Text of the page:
Searching over 5,500,000 cases.

Buy This Entire Record For $7.95

Official citation and/or docket number and footnotes (if any) for this case available with purchase.

Learn more about what you receive with purchase of this case.

Ratliff v. City of Chicago

United States District Court, Seventh Circuit

July 8, 2013

CITY OF CHICAGO, et al., Defendants.


ROBERT M. DOW, Jr., District Judge.

Before the Court are Defendants' Rule 50(a) motion for judgment as a matter of law [127], Defendants' Rule 59(a) motion for a new trial or remittitur and renewed motion for direct verdict [137], and Plaintiff's motion for partial judgment as a matter of law [131]. For the reasons stated below, the Court denies all three motions [127, 137, 131]. Plaintiff's request for attorneys' fees and costs will be considered under separate order.

I. Background

On November 29, 2012, following a four-day jury trial, the jury returned a verdict against Defendants in this matter, and the following day the Court entered judgment on the verdict. As to Defendant Officer James Carroll, a verdict in favor of Plaintiff was entered on the claims of false arrest, illegal search and seizure, and malicious prosecution. As to Defendant Officer Brian Murphy, a judgment on the jury verdict was entered on the claims of false arrest and illegal search and seizure. The jury awarded compensatory damages in the amount of $30, 000, punitive damages against Defendant Officer Carroll in the amount of $15, 000.75, and punitive damages against Defendant Officer Murphy in the amount of $5, 000.

Defendants have moved for judgment as a matter of law, a new trial, and remittitur. Plaintiff contends that Defendants have failed to make the threshold showing that they are entitled to judgment as a matter of law or a new trial because Defendants' motion fails to refer to the trial record. According to Plaintiff, Defendants cannot meet their initial burden to show that the jury lacked a sufficient evidentiary basis, that the verdict was against the weight of the evidence, that the damages were excessive, or that the trial was somehow unfair because Defendants have not cited or identified any of the evidence or proceedings from the trial.

Although Plaintiff pointed out Defendants' failure to cite to the record in his response brief, Defendants did not request leave to supplement their initial motion (a request that the Court routinely grants). Even more startling, Defendants did not file a reply brief to address the plethora of legal authority cited in Plaintiff's response, despite being given leave to do so. Perhaps Defendants' decision is not that surprising, given the overwhelming evidence presented at trial of Defendants' unconstitutional conduct. But such tactics-which have occasioned lengthy delays in resolving the post-trial matters in this case-have nonetheless frustrated the legal process. Although the Court declines to wholly deny Defendants' motions, to the extent that citation to the record would be necessary to support a position, Defendants' failure to cite to the trial record or the pretrial conference record will not be excused. See, e.g., Spina v. Forest Preserve Dist. of Cook County, 207 F.Supp.2d 764, 770 (N.D. Ill. 2002) (criticizing party for failing to cite transcript in motion for a new trial); Parr v. Nicholls State University, 2012 WL 1032905, *3 (E.D. La. 2012) ("without the benefit of citation to the trial transcript, the Court has no basis for determining that any error occurred."); Warren v. Thompson, 224 F.R.D. 236, 239-240 fn. 7 (D.D.C. 2004) (criticizing party for failing to reference trial transcripts and finding "no basis for review" of the party's arguments).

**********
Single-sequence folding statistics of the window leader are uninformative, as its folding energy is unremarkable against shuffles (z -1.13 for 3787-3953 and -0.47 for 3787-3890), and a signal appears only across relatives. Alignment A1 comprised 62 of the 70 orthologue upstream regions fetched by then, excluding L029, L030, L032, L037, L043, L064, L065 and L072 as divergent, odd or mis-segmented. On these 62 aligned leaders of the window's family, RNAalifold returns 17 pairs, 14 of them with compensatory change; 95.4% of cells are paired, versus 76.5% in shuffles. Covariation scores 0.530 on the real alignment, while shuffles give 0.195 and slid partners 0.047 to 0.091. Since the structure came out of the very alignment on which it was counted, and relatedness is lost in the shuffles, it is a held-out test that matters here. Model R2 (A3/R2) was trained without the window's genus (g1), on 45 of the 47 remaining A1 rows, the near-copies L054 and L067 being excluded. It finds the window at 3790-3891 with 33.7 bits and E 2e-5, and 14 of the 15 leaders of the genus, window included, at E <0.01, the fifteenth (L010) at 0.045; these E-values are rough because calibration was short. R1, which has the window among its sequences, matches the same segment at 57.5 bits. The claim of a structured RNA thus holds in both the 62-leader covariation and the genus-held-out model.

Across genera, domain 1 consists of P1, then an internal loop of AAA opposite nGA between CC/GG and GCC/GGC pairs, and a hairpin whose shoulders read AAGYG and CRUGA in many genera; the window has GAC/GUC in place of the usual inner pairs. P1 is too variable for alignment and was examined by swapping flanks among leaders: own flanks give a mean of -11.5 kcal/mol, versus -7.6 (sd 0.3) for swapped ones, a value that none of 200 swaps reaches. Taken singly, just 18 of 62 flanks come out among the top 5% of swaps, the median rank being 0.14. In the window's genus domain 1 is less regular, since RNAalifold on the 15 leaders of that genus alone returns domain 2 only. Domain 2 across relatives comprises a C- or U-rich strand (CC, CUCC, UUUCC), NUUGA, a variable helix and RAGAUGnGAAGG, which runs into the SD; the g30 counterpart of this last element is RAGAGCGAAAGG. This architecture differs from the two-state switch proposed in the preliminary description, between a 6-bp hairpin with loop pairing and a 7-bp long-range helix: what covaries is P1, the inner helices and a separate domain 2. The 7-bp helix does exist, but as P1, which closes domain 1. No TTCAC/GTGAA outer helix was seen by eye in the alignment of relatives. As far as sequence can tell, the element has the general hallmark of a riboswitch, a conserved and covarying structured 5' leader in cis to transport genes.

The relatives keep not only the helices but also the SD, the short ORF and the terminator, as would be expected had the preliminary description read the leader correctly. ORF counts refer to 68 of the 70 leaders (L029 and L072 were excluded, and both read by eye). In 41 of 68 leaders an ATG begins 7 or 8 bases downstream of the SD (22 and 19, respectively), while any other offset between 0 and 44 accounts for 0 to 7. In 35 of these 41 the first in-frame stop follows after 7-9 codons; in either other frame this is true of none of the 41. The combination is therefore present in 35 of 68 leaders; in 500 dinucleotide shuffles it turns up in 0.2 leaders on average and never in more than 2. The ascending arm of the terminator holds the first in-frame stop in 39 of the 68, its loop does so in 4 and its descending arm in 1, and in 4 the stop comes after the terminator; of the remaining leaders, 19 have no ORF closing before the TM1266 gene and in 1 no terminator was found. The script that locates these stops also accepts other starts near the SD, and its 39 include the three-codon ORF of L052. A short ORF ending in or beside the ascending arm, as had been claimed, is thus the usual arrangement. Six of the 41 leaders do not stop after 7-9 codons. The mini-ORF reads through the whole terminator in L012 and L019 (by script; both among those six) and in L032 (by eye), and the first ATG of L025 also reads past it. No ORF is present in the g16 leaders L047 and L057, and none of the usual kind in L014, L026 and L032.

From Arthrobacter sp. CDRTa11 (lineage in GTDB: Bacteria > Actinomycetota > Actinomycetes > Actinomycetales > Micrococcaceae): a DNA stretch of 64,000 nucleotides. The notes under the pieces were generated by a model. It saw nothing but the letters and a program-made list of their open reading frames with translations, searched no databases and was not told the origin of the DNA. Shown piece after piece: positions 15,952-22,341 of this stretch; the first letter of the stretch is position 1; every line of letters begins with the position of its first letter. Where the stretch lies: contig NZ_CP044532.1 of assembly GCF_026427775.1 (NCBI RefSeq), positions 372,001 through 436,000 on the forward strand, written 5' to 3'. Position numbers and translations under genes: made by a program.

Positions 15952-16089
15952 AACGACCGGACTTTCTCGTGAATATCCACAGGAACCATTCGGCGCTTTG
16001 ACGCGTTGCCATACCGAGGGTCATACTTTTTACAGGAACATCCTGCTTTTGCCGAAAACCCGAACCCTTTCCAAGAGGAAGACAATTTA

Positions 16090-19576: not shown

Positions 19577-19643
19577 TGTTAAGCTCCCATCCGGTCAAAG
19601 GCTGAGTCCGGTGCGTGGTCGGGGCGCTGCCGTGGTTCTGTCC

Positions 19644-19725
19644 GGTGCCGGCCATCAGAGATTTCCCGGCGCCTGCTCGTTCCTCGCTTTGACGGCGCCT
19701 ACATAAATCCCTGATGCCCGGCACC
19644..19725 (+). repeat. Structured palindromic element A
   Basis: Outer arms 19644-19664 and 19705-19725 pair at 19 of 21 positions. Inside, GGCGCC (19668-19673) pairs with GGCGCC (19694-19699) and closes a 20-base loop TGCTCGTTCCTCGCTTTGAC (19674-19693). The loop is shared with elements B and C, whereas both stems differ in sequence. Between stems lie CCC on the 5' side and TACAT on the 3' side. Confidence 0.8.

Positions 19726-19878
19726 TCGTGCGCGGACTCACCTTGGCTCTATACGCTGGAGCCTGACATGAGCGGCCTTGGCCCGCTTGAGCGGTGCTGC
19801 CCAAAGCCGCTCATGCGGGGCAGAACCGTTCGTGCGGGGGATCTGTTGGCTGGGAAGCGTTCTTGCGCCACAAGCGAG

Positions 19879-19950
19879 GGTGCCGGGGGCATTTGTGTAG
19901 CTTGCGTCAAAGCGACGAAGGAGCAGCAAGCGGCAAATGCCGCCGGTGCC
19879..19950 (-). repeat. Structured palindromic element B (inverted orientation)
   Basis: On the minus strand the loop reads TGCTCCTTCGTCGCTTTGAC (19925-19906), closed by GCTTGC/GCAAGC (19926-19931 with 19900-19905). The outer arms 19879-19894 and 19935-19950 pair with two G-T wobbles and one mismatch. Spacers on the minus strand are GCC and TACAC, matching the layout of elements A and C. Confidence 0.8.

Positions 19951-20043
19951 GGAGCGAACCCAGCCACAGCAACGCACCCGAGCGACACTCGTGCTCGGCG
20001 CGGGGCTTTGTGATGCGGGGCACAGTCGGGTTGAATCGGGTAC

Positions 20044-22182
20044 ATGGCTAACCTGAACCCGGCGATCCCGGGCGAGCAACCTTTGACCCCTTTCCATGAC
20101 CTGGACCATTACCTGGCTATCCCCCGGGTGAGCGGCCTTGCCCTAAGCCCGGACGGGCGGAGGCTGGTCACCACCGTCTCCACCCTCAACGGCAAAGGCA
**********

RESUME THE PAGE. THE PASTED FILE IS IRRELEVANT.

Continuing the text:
II. Legal Standards

A court must determine whether the evidence presented at trial, when viewed in the light most favorable to the non-moving party, is sufficient to support the verdict. Massey v. Blue Cross-Blue Shield of Illinois, 226 F.3d 922, 924 (7th Cir. 2000); see also Hall v. Gary Community Sch. Corp., 298 F.3d 672, 675 (7th Cir. 2002). Although a mere scintilla of evidence is not sufficient to sustain a verdict, the Court is not to substitute its view of the contested evidence in place of the jury's determination. Filipovich v. K & R Express Sys., Inc., 391 F.3d 859, 863 (7th Cir. 2004). A jury verdict is not to be set aside if, viewing the evidence in the light most favorable to the prevailing party, there exists within the record any reasonable basis to support the verdict, leaving issues of credibility and weight of evidence to the jury. Kapelanski v. Johnson, 390 F.3d 525, 530 (7th Cir. 2004) (citation omitted). In other words, the test is whether "no rational juror could have found for the prevailing party." Turner v. Miller, 301 F.3d 599, 602 (7th Cir. 2002); see also Emmel v. Coca-Cola Bottling Co. of Chicago, 95 F.3d 627, 630 (7th Cir. 1996) (the court is limited to assessing whether no rational jury could have found for the plaintiff). A trial court may grant a motion for a new trial where "the clear weight of the evidence is against the jury verdict, the damages are excessive or for some other reason the trial was not fair to the moving party." Scaggs v. Consolidated Rail Corp., 6 F.3d 1290, 1293 (7th Cir. 1993) (citing Walden v. Ill. Central Gulf R.R., 975 F.2d 361, 365 (7th Cir. 1992)). However, the Seventh Circuit has cautioned that "only when a verdict is contrary to the manifest weight of the evidence should a motion for a new trial challenging the jury's assessment of the facts carry the day." Emmel, 95 F.3d at 629.